When I was in middle school, I prided myself on asking my theology teachers the most obscure questions possible. I would ask questions like can God create a rock so big that He can’t throw it, or its sister question, can God create a burrito so spicy He can’t eat it? While these questions may sound like very deep theological questions which were trying to lead to a deeper understanding of an infinite God, at their core these kinds of questions completely missed the point and demonstrated that I didn’t even understand the basics of our faith.
At that point in my life, my faith was still in its beginning stages and I saw it as nothing more than just another set of rules. For many of us there can be a tendency to turn the Catholic faith into a game. We can easily fall into the trap of reducing our faith to learning and following a set of rules in hopes of winning the game. Yet when we fall into this deadly trap we completely miss the point.
The Sadducees in today’s Gospel tried to pull Jesus into this trap by making up a ridiculous story about a woman who had been married to 7 different husbands after the previous ones had died which lead to the question about who the woman belonged to in heaven. In asking this theoretical question they demonstrate that they had forgotten the basics of faith, namely the truth that we are not made for this earth, but for heaven. Friends, it can be very easy for us to become like the Sadducees and get so wound up in our theoretical questions that we forget that our daily actions in this life have consequences that span into eternity.
Jesus saw the trap they had laid for Him and built a bridge over it to bring them back to reality by reminding them that this life is fleeting. Living as Christians in this world we need to raise our eyes from gazing at the ground in front of us and begin to look heavenward. Ultimately today’s Gospel challenges each of us to check our orientation. Are we so focused on this world, that we have lost sight of our eternal destiny or just as dangerously are we so focused on the life to come that we fail to consider our obligations in this life? With our eternal destiny at stake, there simply isn’t time to play games. We need to keep our sights firmly focused on heaven and our feet firmly rooted in this earth because there is no such thing as a sin in this life that doesn’t matter, nor is their an act of love that is so small it has no positive consequence.
You see the Sadducees were so focused on this earth that they failed to recognize that they were depriving the woman of her human dignity by categorizing her as a piece of property. So often in our lives when we lose focus we end up not only harming our relationship with God, but also damaging our relationships with others because “true devotion is characterized by both love of God and love of neighbor. The two cannot be separated without serious distortion.”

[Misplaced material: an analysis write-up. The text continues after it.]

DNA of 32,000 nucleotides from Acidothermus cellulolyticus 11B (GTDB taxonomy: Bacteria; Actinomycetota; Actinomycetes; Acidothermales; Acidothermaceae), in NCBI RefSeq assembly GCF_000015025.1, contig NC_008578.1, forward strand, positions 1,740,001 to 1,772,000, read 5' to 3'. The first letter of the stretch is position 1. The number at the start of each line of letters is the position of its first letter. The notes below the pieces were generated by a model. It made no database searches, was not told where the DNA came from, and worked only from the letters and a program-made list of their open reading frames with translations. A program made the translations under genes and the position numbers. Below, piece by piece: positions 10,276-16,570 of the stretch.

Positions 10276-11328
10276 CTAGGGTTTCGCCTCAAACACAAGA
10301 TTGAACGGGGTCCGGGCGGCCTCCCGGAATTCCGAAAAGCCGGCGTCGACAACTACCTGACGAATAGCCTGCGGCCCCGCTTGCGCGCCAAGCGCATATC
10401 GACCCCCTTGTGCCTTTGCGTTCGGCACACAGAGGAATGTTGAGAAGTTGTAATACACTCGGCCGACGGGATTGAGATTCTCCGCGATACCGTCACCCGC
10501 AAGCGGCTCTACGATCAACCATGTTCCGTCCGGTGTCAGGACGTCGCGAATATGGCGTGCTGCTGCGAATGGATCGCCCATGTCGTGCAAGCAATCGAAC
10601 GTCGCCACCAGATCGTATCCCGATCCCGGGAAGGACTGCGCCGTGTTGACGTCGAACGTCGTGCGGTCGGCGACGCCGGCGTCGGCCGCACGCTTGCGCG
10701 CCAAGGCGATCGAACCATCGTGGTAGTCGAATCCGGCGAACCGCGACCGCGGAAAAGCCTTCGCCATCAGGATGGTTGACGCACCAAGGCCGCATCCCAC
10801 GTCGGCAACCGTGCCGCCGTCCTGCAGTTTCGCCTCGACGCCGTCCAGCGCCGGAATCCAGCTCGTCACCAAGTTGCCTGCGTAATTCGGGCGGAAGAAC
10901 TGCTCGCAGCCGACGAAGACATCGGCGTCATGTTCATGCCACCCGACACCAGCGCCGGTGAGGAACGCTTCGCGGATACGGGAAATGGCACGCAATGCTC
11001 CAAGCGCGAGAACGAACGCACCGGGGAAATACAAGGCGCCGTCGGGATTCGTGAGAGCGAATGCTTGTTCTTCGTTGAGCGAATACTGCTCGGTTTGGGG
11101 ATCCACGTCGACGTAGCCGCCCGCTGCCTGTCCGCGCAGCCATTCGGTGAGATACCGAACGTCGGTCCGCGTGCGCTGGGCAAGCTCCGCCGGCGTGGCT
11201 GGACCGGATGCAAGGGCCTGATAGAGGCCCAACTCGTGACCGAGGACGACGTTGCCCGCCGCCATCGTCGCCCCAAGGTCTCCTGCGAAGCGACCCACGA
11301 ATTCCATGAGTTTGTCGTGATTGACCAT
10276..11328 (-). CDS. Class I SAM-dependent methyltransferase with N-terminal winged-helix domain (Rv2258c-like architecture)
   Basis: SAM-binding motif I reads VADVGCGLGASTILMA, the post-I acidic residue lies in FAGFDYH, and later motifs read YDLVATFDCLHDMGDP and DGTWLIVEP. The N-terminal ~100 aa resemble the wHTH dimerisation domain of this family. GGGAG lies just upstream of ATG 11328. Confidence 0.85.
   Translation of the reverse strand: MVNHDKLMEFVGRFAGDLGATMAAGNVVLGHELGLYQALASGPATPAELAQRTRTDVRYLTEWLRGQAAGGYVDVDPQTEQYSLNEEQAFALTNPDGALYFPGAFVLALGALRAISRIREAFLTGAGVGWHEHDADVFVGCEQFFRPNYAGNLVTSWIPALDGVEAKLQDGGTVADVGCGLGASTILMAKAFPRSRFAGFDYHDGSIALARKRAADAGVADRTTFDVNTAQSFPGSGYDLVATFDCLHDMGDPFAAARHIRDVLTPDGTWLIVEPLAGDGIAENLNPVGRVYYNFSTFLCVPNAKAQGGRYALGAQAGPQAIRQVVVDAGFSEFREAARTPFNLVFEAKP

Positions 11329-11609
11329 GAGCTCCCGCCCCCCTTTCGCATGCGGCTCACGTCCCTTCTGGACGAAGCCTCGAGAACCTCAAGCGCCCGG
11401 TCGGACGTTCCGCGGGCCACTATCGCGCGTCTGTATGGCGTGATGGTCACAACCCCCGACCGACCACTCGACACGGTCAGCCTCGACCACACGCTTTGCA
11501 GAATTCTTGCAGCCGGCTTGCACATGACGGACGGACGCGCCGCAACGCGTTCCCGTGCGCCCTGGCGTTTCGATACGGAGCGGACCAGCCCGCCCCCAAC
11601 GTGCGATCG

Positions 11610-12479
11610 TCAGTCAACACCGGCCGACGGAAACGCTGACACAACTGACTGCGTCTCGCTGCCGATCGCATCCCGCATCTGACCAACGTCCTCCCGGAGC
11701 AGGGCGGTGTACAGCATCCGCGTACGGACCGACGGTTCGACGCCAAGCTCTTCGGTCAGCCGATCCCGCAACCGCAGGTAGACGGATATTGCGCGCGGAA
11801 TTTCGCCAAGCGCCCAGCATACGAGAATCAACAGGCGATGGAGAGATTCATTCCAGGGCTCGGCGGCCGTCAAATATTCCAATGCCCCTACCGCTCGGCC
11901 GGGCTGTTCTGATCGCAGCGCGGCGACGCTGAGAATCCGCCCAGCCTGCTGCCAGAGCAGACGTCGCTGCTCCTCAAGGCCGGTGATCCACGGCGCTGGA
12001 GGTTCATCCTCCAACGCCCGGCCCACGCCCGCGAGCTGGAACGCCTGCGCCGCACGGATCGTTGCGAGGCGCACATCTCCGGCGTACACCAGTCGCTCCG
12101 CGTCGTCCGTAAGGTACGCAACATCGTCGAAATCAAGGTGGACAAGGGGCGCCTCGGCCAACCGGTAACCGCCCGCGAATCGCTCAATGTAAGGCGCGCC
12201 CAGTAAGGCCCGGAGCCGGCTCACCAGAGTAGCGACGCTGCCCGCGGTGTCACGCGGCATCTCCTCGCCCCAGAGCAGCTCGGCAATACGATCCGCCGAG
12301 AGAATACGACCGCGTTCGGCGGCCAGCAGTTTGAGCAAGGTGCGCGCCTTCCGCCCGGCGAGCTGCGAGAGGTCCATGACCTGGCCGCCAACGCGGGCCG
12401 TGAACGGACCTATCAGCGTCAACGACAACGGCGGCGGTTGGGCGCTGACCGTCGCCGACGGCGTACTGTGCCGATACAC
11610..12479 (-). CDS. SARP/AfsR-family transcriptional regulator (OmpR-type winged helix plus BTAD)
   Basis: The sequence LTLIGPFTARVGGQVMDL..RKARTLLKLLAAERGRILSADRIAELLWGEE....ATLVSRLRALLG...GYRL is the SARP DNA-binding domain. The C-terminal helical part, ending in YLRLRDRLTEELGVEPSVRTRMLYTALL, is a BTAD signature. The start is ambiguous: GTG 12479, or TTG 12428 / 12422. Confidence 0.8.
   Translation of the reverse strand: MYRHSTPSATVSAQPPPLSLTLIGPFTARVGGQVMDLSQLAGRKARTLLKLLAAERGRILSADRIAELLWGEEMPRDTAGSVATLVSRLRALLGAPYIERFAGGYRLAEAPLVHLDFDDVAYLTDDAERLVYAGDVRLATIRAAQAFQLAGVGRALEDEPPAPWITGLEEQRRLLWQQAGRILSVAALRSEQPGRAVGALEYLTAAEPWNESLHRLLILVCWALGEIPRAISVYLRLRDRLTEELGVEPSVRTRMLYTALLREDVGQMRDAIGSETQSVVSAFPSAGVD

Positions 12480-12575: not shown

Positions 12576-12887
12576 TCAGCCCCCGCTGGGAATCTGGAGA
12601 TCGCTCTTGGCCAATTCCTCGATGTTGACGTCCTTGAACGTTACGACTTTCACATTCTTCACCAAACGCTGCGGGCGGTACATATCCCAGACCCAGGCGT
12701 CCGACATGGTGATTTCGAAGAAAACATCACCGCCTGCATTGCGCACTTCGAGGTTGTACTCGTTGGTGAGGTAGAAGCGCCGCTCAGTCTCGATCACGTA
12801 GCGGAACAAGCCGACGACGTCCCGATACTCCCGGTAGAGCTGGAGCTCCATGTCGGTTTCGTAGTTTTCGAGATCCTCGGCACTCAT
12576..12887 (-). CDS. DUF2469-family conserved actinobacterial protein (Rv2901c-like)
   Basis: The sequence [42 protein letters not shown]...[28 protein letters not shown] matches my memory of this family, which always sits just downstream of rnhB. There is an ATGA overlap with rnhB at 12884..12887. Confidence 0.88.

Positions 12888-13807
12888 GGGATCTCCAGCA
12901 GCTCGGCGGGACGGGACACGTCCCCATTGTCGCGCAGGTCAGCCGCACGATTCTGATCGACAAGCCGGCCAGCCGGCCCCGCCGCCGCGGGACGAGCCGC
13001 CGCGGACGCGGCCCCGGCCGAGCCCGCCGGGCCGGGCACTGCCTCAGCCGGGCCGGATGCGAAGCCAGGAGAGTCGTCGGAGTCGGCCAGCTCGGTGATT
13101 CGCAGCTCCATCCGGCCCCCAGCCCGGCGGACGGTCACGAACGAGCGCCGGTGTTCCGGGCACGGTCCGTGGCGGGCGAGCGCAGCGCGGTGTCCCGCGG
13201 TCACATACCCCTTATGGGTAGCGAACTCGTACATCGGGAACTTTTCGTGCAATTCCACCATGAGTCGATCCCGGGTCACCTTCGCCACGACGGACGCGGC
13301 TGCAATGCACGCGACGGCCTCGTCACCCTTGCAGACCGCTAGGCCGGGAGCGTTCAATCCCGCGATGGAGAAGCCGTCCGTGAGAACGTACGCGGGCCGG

If we want to live lives that reflect our love of God and of our neighbor then we need to ensure that our lives remain focused upwards to heaven and not downwards caught up in earthly affairs. Perhaps a great way to determine which way our lives are oriented is to honestly ask ourselves how and who we love. After all “all vices have one root in common, namely, the disordered love of self, opposed to love of good and especially of the sovereign good which is God”
The lesson of today’s Gospel is clear; if we want to truly live our Christian faith, we can’t waste time on trivial matters and must set all of our energies to live the truth in love. “In order to truly listen to what is true, we need to desire to love what is true, and in the case of Christianity, to love who is the truth, Jesus Christ.” After all “love without truth would be blind; truth without love would be like a clanging symbol”
So what is our orientation? Do we have our sights fixed on heaven or like the Sadducees are our sights caught up in the trivial matters of this world?
 Ralph Martin. The Fulfillment of All Desire. Steubenville: Emmaus Road Publishing. (2006) Pg 106
 Reginald Garrigou-LeGrange O.P. Everlasting Life. Rockford: Tan Publishing.(1952). Pg 19
 James Keating. Listening for Truth.Praying Our Way to Virtue. Liguori: Liguori Press. (2002). Pg 95
 Cardinal Robert Sarah. God or Nothing: A Conversation on Faith with Nicolas Dias San Francisco: Ignatius (2015) Pg 181